It's causing some major controversy...Governor Rick Perry's plan to require school age girls to have the Human Papilloma Virus or HPV shot.
Today, doctors, public health experts and cervical cancer survivors testified in Austin.
Lawmakers held a public hearing on legislation aimed at overriding the governor's anti-cancer vaccine mandate.
The bill by state Representative Dennis Bonnen -- a Republican from Angleton -- would bar the state from requiring schoolgirls to get the vaccine.
The hearing marks the first chance for the public to comment on Governor Perry's executive order making it mandatory for girls to receive the vaccine starting in the sixth grade.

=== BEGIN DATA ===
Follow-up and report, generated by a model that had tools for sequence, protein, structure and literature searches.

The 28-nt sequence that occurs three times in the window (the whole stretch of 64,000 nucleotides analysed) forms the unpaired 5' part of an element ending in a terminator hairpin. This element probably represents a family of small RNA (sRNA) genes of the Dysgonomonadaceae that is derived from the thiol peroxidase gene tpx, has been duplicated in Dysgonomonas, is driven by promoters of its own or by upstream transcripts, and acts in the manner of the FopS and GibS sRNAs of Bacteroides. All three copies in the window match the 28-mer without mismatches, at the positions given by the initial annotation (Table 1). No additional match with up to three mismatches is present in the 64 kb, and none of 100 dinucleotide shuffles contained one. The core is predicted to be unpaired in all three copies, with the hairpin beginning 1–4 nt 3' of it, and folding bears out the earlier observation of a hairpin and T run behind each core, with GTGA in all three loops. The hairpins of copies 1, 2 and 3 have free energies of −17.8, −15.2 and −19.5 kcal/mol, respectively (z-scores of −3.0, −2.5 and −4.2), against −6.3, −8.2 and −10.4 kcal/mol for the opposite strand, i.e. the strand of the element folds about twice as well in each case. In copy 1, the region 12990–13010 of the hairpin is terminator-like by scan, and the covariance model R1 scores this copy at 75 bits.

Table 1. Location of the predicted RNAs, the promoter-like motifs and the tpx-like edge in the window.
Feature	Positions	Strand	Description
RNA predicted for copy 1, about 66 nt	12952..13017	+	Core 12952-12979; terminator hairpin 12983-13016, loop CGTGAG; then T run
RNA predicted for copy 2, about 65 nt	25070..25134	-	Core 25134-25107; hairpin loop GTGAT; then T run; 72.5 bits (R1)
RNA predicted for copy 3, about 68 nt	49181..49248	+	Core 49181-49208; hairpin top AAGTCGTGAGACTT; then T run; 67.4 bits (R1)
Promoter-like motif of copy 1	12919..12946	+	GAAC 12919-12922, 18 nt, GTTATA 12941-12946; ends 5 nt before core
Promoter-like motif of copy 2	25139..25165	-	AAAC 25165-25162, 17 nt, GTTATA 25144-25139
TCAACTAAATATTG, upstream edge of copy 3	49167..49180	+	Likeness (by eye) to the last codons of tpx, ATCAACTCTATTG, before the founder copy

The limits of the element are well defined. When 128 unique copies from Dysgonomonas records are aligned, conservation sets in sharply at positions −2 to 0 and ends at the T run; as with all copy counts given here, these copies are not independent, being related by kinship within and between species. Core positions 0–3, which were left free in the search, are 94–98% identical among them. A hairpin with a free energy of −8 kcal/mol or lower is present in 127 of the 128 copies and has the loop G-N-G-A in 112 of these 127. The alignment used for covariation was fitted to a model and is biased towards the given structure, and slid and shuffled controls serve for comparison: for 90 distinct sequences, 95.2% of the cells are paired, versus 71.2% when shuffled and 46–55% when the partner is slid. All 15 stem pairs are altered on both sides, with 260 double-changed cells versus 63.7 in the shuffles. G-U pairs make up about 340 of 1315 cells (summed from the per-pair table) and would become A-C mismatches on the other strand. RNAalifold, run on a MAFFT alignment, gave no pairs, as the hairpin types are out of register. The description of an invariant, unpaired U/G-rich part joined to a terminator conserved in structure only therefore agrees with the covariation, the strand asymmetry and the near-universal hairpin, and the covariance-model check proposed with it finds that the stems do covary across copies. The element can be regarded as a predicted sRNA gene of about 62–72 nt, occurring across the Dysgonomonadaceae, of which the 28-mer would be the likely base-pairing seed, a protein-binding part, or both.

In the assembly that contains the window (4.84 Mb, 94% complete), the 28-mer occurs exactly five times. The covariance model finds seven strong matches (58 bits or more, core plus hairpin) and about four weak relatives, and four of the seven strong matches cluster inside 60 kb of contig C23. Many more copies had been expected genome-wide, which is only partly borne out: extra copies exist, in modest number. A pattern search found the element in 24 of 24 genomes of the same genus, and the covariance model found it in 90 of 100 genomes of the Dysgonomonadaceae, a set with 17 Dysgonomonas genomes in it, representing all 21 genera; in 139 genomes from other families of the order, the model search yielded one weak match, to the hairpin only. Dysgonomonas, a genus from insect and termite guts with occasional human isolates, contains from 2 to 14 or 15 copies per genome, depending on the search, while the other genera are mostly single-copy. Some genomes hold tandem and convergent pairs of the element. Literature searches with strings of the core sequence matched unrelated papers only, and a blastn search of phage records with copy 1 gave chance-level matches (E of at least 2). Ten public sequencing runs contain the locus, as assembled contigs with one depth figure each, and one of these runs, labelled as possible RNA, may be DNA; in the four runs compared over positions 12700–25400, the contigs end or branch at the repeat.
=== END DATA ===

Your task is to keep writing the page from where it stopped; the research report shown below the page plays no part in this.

Perry's order directed the Health and Human Services Commission to adopt rules requiring the vaccine as of September 2008.
The shots protect girls and women from the HPV strains that cause most cases of cervical cancer and genital warts.
It prompted a flood of criticism from conservatives who say it contradicts Texas' abstinence-only sex education policies and strays too far into the lives of families.
Critics also balk at the 360 dollar cost for the three-shot series and said the vaccine -- called Gardasil -- is too new to force on children as young as eleven or 12.
But the governor and the mandate's supporters say the vaccine offers a unique opportunity to fight a cancer that kills 37-hundred American women annually.